Last week I took a brief trip to New York. One of my mother's cards had been nominated for a Louie Award at the Greeting Card Association's annual event, and since the whole raison d'être of her business stems from having a gay son, she wanted me with her at the ceremony. Sadly, she didn't win (frankly, the sentiment in the card she lost to is of questionable taste), but she still found value in attending the Stationery Show and connecting with peers in the industry.
While she was doing so, I used that time to do some connecting of my own. I shopped and sushied with my dear old friend Christine and brunched with my friend Ramona at the fabulous new B.E.S. I got to see the lovely Shuna, who opened her arms to me as a fledgling blogger four years nigh, and whom I've missed dearly since she relocated to London and New York. I enjoyed coffee and conversation with Lisa, who I met only fleetingly at BlogHer Food last year. And I finally met the inimitable and affable David Leite over quiche (him) and chocolate bouchons (me). All this in two days, including the awards ceremony.
It was definitely a whirlwind, and I often found myself hustling to get from one rendez-vous to another, but I did deliberately leave myself one opening. My flight arrived on Saturday at 4 pm, and I had nothing planned for the remainder of the afternoon until my mother arrived that evening.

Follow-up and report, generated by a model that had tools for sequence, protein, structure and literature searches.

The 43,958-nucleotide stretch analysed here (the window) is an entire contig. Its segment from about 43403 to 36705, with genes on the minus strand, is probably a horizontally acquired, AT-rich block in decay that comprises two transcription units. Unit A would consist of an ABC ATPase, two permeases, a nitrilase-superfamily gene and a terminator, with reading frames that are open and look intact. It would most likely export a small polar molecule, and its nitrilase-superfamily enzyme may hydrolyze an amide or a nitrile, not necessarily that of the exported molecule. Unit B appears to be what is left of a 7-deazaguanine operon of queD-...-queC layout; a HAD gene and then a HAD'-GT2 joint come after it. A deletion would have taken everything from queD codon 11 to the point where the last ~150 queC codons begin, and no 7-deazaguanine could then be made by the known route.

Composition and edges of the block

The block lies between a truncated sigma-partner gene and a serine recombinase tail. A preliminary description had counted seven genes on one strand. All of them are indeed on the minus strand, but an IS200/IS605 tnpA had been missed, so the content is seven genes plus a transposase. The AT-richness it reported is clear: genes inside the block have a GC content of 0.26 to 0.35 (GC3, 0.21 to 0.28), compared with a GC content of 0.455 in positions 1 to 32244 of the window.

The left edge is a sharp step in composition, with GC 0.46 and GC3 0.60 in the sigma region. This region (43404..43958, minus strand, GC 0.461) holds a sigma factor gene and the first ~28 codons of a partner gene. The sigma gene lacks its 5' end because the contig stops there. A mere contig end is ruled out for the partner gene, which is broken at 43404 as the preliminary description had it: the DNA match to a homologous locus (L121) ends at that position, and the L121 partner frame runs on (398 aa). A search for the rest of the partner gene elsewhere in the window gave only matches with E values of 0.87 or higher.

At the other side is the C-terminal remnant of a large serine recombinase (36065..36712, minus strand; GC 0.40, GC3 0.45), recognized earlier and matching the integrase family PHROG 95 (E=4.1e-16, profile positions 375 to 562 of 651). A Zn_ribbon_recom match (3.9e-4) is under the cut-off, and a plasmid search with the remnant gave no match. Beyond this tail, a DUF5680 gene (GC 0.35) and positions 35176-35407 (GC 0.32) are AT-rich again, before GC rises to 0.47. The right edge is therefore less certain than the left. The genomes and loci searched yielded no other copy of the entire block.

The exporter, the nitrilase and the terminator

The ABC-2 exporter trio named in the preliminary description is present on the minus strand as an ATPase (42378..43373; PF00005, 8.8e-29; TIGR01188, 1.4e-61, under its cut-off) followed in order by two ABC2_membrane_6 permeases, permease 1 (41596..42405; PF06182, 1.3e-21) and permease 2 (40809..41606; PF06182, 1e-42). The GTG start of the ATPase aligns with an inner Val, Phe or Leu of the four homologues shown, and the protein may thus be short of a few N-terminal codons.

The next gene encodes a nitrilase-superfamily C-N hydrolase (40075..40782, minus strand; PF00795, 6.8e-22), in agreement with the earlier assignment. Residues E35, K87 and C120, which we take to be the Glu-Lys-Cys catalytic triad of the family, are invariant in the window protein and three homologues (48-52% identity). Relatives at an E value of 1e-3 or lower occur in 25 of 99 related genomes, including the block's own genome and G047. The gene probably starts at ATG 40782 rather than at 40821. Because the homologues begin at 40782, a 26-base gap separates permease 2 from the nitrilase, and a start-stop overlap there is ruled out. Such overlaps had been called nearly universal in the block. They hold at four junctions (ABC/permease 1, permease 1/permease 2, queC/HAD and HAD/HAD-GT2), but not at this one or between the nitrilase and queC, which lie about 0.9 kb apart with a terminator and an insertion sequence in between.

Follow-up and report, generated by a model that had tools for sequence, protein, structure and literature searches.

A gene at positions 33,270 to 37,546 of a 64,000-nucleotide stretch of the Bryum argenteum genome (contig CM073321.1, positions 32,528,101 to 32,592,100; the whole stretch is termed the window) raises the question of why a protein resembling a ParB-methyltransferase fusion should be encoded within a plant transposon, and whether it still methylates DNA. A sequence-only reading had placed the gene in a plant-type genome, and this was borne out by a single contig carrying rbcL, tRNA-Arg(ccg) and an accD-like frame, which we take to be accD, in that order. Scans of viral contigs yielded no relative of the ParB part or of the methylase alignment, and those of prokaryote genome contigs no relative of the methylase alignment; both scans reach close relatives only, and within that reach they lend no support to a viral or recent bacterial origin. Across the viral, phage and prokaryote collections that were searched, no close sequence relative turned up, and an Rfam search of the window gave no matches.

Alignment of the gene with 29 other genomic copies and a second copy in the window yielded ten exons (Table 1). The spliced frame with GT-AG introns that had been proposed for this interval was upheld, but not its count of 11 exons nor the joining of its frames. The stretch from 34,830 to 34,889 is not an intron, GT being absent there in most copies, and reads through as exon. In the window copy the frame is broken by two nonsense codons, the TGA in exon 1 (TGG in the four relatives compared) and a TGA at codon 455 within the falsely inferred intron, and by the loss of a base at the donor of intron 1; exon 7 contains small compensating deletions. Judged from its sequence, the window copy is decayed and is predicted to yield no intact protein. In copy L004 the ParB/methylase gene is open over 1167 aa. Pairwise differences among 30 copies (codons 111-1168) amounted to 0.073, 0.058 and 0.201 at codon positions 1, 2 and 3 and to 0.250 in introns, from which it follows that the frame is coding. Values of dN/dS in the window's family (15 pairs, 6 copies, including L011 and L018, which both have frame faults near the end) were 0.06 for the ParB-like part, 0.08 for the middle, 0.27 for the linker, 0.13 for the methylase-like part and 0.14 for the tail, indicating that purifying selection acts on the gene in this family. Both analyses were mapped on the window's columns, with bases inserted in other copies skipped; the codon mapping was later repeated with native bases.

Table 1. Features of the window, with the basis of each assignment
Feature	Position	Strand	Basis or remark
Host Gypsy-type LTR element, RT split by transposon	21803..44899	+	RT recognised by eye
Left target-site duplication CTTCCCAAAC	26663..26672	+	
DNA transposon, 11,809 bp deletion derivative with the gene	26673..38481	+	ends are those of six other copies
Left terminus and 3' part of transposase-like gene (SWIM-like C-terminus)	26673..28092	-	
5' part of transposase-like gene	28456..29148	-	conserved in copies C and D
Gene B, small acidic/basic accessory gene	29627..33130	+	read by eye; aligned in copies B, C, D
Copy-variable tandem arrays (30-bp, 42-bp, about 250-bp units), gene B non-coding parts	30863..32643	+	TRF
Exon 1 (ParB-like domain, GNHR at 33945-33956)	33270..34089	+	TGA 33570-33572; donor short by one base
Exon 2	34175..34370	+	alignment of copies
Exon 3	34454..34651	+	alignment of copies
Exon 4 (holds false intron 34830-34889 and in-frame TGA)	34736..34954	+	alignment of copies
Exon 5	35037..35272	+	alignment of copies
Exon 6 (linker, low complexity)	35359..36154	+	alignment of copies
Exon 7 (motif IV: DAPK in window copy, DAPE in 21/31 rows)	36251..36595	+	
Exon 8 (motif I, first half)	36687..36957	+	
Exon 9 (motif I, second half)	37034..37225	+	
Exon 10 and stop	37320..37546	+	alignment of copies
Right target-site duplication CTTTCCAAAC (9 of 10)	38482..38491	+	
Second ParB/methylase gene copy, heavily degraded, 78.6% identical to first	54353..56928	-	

New York was balmy and gently breezy, and I reveled in the summerlike weather as I meandered the streets of Chelsea. After a couple hours of aimless wandering, I began to set my sights on dinner. When the occasion warrants, I rather like dining out alone, and a tapas bar is optimal for that. Sitting alone at a two-top is sad, like dining with an imaginary friend. But sidling up to a bar, ordering a glass of spicy red and eyeing the sardines and cheeses? That's liberating.
So it was that I ended up at Boquería. First up I had a crisp duck croqueta and some lovely piquant sardine toasts, then followed up with pork belly pintxos and a salad called lágrimas -- "tears." The pork belly was cubed, dusted with paprika, wrapped in a wilted green, skewered and grilled until succulent. The salad, bright and fresh and crisp, made a flawless foil to the richness of those fatty blocks. It immediately became my New Favorite Salad, and I vowed to make it as soon as I got home. I did, and quite a few times since then already.
As for the name, I can only assume it's because the sliced pea pods look like eyes, and the peas themselves seem to tumble out like tears. But there is nothing sad about this salad. They must be tears of joy and gratitude for the bounty of spring that is finally upon us.